In an age where “fake news” and “alternative facts” have become global shorthand, media and research integrity are sorely needed antidotes for citizens bereft of reliable information, especially in regions where populations are facing oppression, violence, surveillance, and corruption at intolerable levels. This is why the claims made by the International Labor Organization and World Bank, as reported in a Foreign Policy article documenting forced labor in the World Bank’s operations in Uzbekistan, demand a closer analysis.
Uzbekistan’s state-run cotton industry operates as part of a repressive apparatus carried through from the Soviet Union and repurposed to support the largely illicit activities of an elite cabal, who operate the Uzbek state through secretive clan networks. Overseeing this predatory system is the SNB, the KGB’s successor in Uzbekistan. Its agents infiltrate all sectors of society and terrorize those who fail to comply with official dictates.
Over the past two decades, millions have been forced into the cotton fields – under the foreboding specter of organized state violence – and made to pick cotton for derisory pay, often in deplorable conditions. The considerable profit extracted from this illicit trade disappears into the government’s opaque fiscal apparatus, almost certainly privatized by political barons and their clan affiliates, who operate state machinery as fiefdoms.Enjoying this article? Click here to subscribe for full access. Just $5 a month.
None of this sobering reality is apparent in a report published by the ILO under World Bank patronage, which has come under sustained criticism following a rigorous study just released by Human Rights Watch and the Uzbek-German Forum for Human Rights.
The ILO observes that seven experts from the organization undertook a six-week field trip to Uzbekistan. They confirm that at all times they were chaperoned by a counterpart from the Federation of Trade Unions of Uzbekistan (FTUU), but claim that their research was conducted independently of the Uzbek government. This should raise eyebrows. Professors Simon Clarke and Vadim Borisov explain why – the FTUU has “retained all of the structures and practices of the Soviet era intact,” which has involved its “complete absorption” into “the state apparatus.”
The ILO exhibits no evident concern that their fieldwork was undertaken hand-in-glove with state minders, or for that matter, that foreign investigators who slip the surveillance apparatus and conduct independent inquiry have been deported from Uzbekistan when caught (which is considerably better treatment than when the same is done by local investigators).
Nor does the ILO evidence any awareness of the serious ethical breaches their stated methodology involves. We are talking here about interviews conducted with vulnerable cotton pickers – who are not afforded even the most basic human right protections – under the general specter of a state that operates a vicious system of surveillance and punishment, with its agents in immediate proximity.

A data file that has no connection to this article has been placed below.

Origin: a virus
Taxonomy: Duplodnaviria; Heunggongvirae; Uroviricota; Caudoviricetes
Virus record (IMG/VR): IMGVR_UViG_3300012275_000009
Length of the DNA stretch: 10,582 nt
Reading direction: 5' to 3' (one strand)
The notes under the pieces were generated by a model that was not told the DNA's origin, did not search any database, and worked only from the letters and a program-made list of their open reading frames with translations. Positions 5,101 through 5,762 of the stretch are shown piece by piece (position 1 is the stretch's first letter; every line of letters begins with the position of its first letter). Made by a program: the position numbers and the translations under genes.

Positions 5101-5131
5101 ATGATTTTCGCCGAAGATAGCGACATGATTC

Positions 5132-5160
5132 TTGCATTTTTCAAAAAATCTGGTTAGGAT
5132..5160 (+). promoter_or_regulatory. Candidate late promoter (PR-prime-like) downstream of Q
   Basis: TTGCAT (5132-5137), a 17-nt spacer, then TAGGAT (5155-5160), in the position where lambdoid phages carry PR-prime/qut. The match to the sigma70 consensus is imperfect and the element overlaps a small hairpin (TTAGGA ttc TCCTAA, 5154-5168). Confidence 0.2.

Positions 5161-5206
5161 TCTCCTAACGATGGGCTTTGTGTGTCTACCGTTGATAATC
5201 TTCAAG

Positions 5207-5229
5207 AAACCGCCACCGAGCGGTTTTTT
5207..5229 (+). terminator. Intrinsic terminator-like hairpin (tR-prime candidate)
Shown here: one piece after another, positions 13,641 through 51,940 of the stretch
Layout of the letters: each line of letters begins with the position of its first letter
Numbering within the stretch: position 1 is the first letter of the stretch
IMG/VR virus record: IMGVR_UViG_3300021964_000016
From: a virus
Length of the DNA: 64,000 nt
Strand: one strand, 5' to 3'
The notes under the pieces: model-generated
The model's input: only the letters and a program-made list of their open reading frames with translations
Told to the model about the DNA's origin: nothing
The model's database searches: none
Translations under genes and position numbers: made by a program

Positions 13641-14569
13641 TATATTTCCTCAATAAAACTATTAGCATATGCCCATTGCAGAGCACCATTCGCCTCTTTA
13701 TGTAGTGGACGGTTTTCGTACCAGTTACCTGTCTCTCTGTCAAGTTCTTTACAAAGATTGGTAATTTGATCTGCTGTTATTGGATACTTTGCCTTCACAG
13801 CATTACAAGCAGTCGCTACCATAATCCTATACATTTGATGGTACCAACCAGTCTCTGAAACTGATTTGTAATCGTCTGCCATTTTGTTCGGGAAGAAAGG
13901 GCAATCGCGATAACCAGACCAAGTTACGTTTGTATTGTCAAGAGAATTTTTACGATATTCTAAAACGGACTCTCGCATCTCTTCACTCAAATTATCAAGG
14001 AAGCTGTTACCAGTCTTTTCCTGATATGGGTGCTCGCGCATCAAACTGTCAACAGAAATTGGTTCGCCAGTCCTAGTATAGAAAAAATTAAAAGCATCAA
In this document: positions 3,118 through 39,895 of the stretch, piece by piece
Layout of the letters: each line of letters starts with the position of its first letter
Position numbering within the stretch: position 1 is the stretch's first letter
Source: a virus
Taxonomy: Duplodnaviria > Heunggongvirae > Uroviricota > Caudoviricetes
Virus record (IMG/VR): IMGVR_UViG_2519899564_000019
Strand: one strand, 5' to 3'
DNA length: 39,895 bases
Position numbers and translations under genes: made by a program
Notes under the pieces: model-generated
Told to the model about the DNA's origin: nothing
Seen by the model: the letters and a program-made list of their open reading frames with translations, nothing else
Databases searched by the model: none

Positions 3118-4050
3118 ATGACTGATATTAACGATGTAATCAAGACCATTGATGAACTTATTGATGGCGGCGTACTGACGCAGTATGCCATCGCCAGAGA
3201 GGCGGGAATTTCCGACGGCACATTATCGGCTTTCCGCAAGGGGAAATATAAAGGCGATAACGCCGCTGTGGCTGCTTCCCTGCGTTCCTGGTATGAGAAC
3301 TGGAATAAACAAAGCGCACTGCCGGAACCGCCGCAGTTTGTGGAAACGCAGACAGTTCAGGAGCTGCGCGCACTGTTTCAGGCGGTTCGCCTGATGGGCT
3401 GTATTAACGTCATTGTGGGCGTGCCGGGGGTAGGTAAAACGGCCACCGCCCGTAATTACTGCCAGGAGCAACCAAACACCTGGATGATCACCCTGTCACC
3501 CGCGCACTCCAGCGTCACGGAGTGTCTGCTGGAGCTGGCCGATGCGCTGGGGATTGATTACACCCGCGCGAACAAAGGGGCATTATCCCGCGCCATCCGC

This would never pass a university ethics committee – at least one worthy of the name – and if a researcher went rogue and emulated the ILO approach it would be grounds for dismissal.
Perhaps what is most infuriating about the report is that none of the essential political context is ever acknowledged. As a result, the ILO does not attempt to justify its methodology against the complex environment it is actually being deployed in.
The only acknowledgement of the challenges associated with conducting research in a society ruled over by totalitarian state – where the government is a research “partner,” no less – comes indirectly, when the report creaks under the contradictions of its approach.
The ILO acknowledges, “getting beyond what ILO experts were given to hear was at times difficult. Many interviewees appeared to have been briefed in advance.” Despite witnessing the symptoms of a deeper system of ideological control, the ILO did not feel this fundamentally tainted their sample. Indeed, the report contends that “ILO experts can simply record what they observe and are told; it is not possible for them to verify the information received.”
If data cannot be verified, it shouldn’t be published, much less relied upon to make grand statements on a human rights issue of burning global significance.
In another example of tainted methodological seeds bearing poisoned fruit, the ILO reports affirmingly that complaint hotlines have been set up, manned by the Ministry of Labor and the Federation of Trade Unions, incorporating “international best practice.” Yet no mention is made of the fact that phone communications in Uzbekistan are monitored by the SNB, or that in the past users have faced recriminations.
Many other examples could be pointed to, which predictably flow from the study’s parlous methodology.
On this flawed basis, the report’s conclusion is what the World Bank wanted to hear: the districts receiving funds for World Bank projects are, according to ILO, not affected by forced labor. The remainder of the country remains at risk of forced labor, yet not a single specific case could be identified.
The ILO monitoring report gives succor to one of the most oppressive regimes in the globe today, and buttresses the façade essential to continued labor abuses and corruption in Uzbekistan’s cotton industry, which occurs sadly with international complicity.
Dr. Kristian Lasslett is Director of the Institute for Research in Social Sciences at Ulster University, and sits on the Executive Board of the International State Crime Initiative.